Mr Taxman
Change the way you feel about taxes.
Get informed and discover what the taxman doesn't want you to know.
Sharing it with Australia, Mr Taxman is a regular Woman’s Day columist and TV finance commentator
  • click to visit Mr Taxman on Twitter
  • click to visit Mr Taxman on FaceBook
  • rss

Xmas sales

Dec 28, 2010

Should we get all excited with the post-xmas sales or should we just stay well clear of them?

Mary-Ann, Neutral Bay

Without a doubt there are some great bargains to be made during the post-xmas sales but I would put a big sign up saying "Buyer Beware".   

Just as there is no such thing as a free lunch, there is no such thing as getting something for nothing.  I always have a quiet chuckle to myself when I hear someone "saved" $100 when they actually spent money doing so. 

I am sceptical about whether the discounts are truly genuine and that the quality is not diminished during these sales, so it pays to do some research before buying.

The post-xmas sales were designed, more than anything, as a marketing ploy to get people into the shops straight after the Christmas spendathon.  It seems to have worked as the sales attract a lot of people to them.  There is a buzz when you walk through the shopping centres in January.  It is that "buzz" which creates an adrenalin rush amongst shoppers who seem to start buying on impulse. 

And impulse shopping is the worst for any good savings plans, particularly when you can see a "50% Off" sign.  To avoid getting caught in the moment, the best thing to do is to devise your own post-xmas sales plan.

Work out a budget on how much you can afford to spend.  Make sure that you have allowed for the next credit card bill to come in after you hit it hard last month.   If you can't afford to spend any more then you must be disciplined and go without.  For those that can afford to do some shopping then leave your credit card at home and only take your budgeted amount in cash with you.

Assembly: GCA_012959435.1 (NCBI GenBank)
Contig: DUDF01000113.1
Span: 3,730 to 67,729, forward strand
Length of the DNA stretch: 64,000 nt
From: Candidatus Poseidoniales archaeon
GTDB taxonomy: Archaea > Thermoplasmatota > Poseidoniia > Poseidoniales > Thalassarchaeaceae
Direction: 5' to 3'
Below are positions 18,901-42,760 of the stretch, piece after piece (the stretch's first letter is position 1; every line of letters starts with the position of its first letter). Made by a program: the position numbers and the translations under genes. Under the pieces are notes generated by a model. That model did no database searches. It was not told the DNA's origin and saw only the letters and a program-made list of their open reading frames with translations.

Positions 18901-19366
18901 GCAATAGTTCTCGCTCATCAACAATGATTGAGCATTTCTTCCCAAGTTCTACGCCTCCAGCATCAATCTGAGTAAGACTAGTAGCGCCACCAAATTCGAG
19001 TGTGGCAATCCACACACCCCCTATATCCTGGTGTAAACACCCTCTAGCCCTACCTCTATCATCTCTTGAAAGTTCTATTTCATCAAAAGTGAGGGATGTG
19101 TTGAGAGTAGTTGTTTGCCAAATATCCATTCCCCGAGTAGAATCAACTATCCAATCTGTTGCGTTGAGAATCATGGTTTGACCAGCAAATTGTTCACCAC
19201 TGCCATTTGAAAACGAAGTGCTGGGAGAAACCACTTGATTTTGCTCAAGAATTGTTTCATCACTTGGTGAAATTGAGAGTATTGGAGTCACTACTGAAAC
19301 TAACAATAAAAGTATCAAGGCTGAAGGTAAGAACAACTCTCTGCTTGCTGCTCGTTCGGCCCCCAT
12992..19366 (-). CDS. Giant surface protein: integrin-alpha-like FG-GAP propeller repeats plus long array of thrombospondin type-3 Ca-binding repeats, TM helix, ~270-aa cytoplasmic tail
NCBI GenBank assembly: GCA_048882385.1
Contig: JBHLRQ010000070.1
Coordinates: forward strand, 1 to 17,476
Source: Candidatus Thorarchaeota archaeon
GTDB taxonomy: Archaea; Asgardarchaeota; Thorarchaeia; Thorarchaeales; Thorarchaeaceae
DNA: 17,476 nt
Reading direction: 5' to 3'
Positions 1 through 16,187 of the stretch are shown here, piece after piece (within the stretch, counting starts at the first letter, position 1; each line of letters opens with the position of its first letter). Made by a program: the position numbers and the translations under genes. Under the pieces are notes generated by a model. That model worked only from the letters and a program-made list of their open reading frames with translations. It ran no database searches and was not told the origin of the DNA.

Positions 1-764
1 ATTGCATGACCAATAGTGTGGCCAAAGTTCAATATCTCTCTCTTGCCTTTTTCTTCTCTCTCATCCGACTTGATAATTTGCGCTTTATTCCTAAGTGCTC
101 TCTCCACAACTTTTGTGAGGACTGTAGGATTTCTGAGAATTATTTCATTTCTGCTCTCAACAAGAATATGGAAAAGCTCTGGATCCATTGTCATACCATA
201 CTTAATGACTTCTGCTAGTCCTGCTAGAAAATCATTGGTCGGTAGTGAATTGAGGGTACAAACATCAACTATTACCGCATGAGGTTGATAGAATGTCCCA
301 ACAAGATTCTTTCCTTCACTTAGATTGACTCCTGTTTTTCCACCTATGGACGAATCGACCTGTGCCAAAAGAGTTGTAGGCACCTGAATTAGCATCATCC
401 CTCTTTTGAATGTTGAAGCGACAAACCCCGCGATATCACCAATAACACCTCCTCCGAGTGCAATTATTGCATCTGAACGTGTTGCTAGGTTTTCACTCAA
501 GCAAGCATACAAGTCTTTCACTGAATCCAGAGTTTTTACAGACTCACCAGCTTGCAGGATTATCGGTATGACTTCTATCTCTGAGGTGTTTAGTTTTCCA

Make a list of things that you need (rather than want) as that will help you reduce the urge to spend thousands.  Shop around for those items, particularly online.  You will be surprised just how many unwanted Christmas presents will be for sale on sites such as eBay.

Finally, a quick tip for those buying next Christmas' presents now ... make sure you buy the right size, particularly for those growing bodies.

Tags: FamilyFinancial Planning

Author: Mr Taxman

Comments

Post a New Comment

Media Availability

Are you interested in booking Mr Taxman for a speaking engagement or requesting his viewpoints for an article?

comments-rhsLatest Comments

  • "Attention!!! Do you need Urgent loan? We give out loan to interested individuals who are seeking loan with good faith and with the interest rate of 3%. Are you seriously in need of an urgent loan?..."

    By: Alexander Comfort at Apr 23, 2017 1:40PM

    Post: Super, mortgage, small business benefits: How to get more money from your tax refund in 2016

  • "I have a HECS debt from 1998 that I have never repaid as I moved to UK in 2000 and unexpectedly stayed! Will this debt ever need to be repaid if I continue living in UK? If I return to Oz to..."

    By: Steve at Apr 23, 2017 8:26AM

    Post: Two important dates for those with HECS/HELP debts

  • "I really don’t know much about this scam thing and at the same time, no one wants to be on the losing side. But i just came across a good hacker who helped me hack my ex boyfriends text messages..."

    By: karr at Apr 22, 2017 8:29PM

    Post: Marriage

  • "I WANT TO TESTIFY OF A GREAT AND REAL SPELL CASTER CALLED DR KAKUTA . THIS GREAT SPELL CASTER HELPED ME CAST A RETURN LOVE SPELL ON MY EX AND JUST WITHIN THREE DAYS MY EX RETURNED BACK TO ME WITH SO..."

    By: KEISHA at Apr 22, 2017 10:19AM

    Post: Marriage

  • "Hi Mr Taxman, I have been looking into my HECS debt because I feel that I should have paid it off by now. In 2011 the debt was at $21 399. I started working full time in 2013 and have been paying..."

    By: Natalie at Apr 20, 2017 9:06AM

    Post: Two important dates for those with HECS/HELP debts